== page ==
SHANGHAI - If you see a sign at a Chinese airport asking you to "stand outside one bowl of rice noodle", it actually means "keep a distance of 1m from the person standing in front of you".
It is a funny translation and one of many that are seen in China. Signs in some toilets, for example, read "easy come, easy go", which actually means "come in a rush, leave with a flush". Then there are the many shops named "Translation Error" - their owners simply used online translation software and had the names printed without consulting an English speaker.
"Some word-to-word translations are really hilarious, especially in some restaurants whose English menus suggest very eerie ingredients," said Ma Ding of the General Consulate of Finland in Shanghai. "But they have also brought a lot of laughs to us."
Although funny translations haven't caused any trouble for Mr Ma or his colleagues, he still supports the standardisation of English signs and instructions in public spaces so that they help foreigners more effectively.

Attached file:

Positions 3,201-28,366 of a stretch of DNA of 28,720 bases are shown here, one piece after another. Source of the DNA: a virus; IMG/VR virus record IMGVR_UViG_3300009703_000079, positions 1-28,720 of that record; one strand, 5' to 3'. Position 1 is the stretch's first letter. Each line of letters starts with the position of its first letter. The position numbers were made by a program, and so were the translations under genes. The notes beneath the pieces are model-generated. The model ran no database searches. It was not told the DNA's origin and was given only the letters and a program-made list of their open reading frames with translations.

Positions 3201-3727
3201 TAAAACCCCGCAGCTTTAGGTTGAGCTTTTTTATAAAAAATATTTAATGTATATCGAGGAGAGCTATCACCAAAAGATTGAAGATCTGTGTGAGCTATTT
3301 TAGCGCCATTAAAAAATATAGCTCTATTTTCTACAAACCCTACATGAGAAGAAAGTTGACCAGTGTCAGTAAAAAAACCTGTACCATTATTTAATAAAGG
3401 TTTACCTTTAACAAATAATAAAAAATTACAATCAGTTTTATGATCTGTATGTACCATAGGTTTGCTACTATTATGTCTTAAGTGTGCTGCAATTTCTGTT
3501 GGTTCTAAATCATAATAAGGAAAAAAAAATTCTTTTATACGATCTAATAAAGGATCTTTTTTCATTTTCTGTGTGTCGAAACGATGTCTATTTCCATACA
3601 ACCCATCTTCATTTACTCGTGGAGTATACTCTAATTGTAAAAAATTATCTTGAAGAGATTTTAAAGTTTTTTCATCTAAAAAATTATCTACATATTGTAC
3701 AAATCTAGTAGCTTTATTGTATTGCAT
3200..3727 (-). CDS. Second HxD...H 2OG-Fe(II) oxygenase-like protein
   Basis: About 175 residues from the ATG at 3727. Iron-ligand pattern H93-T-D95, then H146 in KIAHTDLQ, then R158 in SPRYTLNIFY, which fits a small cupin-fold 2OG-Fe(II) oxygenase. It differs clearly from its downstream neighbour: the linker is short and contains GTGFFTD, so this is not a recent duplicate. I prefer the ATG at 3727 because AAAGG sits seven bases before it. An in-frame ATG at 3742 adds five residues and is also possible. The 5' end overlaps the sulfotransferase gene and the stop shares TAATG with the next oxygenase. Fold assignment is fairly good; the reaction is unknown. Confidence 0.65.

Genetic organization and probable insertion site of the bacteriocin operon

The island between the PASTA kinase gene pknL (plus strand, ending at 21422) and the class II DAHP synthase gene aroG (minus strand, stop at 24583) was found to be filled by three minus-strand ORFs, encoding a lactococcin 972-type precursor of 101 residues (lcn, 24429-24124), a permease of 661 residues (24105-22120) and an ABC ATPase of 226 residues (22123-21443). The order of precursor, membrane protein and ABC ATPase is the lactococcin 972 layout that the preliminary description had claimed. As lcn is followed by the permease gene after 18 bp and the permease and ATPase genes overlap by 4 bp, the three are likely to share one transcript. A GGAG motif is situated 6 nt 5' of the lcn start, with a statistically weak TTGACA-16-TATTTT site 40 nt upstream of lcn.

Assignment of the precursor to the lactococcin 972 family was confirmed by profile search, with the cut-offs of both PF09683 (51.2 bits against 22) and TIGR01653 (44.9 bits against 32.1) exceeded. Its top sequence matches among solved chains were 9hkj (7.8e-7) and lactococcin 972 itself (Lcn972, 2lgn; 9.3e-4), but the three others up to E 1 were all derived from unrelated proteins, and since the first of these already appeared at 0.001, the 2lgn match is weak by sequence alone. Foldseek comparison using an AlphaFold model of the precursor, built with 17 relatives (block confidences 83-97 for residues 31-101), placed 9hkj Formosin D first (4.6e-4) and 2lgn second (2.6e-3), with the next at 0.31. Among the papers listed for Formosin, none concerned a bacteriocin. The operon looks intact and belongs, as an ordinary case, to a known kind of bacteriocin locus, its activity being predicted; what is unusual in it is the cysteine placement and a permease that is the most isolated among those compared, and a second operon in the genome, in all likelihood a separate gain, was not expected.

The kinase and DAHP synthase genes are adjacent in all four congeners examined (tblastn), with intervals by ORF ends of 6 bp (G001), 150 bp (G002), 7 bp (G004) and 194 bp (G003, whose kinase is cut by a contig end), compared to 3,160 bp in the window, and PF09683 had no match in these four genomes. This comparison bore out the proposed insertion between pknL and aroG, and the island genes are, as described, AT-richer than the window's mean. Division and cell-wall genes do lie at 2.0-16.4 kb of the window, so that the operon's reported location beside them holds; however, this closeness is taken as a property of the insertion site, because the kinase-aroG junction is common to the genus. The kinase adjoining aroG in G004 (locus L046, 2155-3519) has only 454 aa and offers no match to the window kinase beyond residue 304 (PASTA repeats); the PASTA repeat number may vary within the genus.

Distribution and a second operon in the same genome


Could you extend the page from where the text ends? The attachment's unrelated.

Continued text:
To regulate such translations, Shanghai has established an online platform for the public to obtain correct translations and report inaccurate ones.
Many college students in Shanghai have volunteered to check English translations in the city's public places. They will take pictures and report the mistakes. People who notice inaccurate translations can call a hotline to report them.
The city has formed a foreign-language translation expert committee to provide professional translation for people in need.
"Proper English signs and instructions show how international a city is," said Liu Danyan, a Shanghai native who works for a public-relations firm in the city.
"English signs and instructions are especially important for tourists," she said.
Dan Cheng, manager of the planning department of Shanghai Book Company, agrees. "The correction of English instructions is important because Shanghai is a city open to the world," he said.
However, foreigners generally do not think Chinese-English, dubbed Chinglish, or wrong instructions necessarily reflect poorly on the city's image, said Zhao Ronghui, professor of linguistics at Shanghai International Studies University.
Some works featuring Chinglish translations have attracted the attention of linguists, the professor said. Take Kirk Kenny's Laugh Die Me, which lists 164 funny Chinglish mistakes. The book's name is a typical Chinglish translation of "laugh myself to death".
"Their works have no intention of teasing the Chinese for their English proficiency. They are for fun," Prof Zhao said. "After all, they know that English is a foreign language for the Chinese."